CB Knowles v. Iowa - minimum risk (comparatively), and no...

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Knowles v. Iowa 525 U.S. 113 (1998) Fact: Procedural Facts: Trial Court did not suppress the evidence. Iowa Supreme court affirmed it. US Supreme court Operative Facts: Knowles was speeding 43 mph on a 25 mph zone. Police officer issued him a citation, and searched the car. He found a bag of marijuana and a “pot pipe.” Issue: Broad Question: Does the arrest-power rule apply when police officers give a citation? Narrow Question: Rule: The exception to the warrant and 4 th amendment clause (arrest-power rule) applies when Officers needs to disarm the suspect in order to take him into custody, and the need to preserve evidence for later use at trial Rational: When an officer issues a citation, they are generally a very brief encounter, with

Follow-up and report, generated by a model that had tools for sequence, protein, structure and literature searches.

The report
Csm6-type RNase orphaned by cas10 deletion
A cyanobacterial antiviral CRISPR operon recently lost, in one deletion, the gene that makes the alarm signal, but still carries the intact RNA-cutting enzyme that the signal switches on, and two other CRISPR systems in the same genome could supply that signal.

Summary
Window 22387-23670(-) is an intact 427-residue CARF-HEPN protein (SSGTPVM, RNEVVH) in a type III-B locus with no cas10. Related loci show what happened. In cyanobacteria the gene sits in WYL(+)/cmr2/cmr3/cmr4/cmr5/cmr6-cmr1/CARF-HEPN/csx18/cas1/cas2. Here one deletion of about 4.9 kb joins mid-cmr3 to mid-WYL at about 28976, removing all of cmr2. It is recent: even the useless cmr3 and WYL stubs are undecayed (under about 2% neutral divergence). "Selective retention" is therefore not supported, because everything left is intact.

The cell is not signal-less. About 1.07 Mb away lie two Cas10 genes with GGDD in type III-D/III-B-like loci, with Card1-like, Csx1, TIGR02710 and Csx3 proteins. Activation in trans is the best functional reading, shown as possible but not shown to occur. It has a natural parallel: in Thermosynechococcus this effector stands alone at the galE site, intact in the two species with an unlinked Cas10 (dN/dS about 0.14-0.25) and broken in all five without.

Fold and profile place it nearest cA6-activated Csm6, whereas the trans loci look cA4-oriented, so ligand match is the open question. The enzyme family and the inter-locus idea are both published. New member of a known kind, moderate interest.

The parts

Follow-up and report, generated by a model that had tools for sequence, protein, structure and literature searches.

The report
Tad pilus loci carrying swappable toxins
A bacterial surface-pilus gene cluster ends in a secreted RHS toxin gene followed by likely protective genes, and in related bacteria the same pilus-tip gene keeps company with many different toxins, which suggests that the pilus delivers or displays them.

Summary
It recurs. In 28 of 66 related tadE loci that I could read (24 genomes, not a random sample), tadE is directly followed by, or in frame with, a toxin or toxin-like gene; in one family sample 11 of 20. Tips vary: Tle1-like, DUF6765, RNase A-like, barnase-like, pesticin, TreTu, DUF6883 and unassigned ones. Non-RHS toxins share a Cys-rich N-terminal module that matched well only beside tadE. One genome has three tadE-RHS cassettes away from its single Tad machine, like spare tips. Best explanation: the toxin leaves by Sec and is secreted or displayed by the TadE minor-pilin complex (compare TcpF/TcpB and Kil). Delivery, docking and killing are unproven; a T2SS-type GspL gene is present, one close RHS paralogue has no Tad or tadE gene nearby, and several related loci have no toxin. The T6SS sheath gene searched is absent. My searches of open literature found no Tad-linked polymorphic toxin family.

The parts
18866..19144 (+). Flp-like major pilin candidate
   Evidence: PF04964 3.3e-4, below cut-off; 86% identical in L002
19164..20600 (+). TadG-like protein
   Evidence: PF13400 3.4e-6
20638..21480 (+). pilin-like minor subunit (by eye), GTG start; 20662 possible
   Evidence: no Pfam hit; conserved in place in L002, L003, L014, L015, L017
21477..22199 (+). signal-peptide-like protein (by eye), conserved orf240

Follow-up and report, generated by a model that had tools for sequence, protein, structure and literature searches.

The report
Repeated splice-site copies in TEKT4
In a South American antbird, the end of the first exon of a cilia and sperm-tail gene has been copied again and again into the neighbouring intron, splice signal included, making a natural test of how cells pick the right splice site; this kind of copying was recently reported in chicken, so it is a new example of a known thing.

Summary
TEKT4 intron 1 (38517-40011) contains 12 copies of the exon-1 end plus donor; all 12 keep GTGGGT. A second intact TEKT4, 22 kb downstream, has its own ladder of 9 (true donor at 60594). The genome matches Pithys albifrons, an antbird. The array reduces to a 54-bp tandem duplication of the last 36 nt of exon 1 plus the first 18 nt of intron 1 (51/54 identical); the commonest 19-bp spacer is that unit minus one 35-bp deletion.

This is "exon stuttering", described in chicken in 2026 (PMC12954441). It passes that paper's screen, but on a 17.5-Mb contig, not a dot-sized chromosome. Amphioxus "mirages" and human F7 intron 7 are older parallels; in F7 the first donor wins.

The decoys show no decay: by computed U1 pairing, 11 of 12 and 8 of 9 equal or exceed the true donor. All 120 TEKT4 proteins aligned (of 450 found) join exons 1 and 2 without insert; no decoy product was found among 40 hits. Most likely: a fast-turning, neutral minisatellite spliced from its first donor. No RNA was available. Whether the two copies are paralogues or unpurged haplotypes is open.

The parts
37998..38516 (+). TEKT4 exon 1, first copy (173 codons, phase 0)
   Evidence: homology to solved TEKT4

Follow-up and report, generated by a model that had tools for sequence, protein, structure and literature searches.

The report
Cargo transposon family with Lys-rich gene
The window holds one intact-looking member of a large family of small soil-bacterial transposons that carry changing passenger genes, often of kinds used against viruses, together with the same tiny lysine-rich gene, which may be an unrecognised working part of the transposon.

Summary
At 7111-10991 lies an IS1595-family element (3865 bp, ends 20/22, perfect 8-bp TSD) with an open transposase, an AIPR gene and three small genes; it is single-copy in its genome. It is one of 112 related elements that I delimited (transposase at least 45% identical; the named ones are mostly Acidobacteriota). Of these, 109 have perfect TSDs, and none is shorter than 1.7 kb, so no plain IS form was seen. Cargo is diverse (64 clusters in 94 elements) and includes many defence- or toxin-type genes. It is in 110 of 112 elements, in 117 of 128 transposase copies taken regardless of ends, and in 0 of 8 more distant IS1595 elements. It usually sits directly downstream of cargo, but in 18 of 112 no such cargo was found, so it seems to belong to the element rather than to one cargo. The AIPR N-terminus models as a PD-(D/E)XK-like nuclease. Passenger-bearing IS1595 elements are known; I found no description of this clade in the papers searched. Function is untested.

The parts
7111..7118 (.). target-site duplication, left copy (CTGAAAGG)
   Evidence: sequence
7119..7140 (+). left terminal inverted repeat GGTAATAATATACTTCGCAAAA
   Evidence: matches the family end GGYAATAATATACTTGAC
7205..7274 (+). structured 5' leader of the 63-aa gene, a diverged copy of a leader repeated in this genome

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Unformatted text preview: minimum risk (comparatively), and no extra evidence will be necessary to prosecute them. There are other independent bases to search for weapons and protect themselves from danger. Holding: The Supreme courts ruled that the arrest-power rule does not apply to officers when they stop cars to give citations. The risk is minimum compared to arresting, where there are a higher percent of stress and uncertainty. The officer may also perform other searches, such as ordering them out of the vehicle and perform a patdown of a driver and any passengers upon reasonable suspicion. Synthesis: Dissent/Concurrences:...
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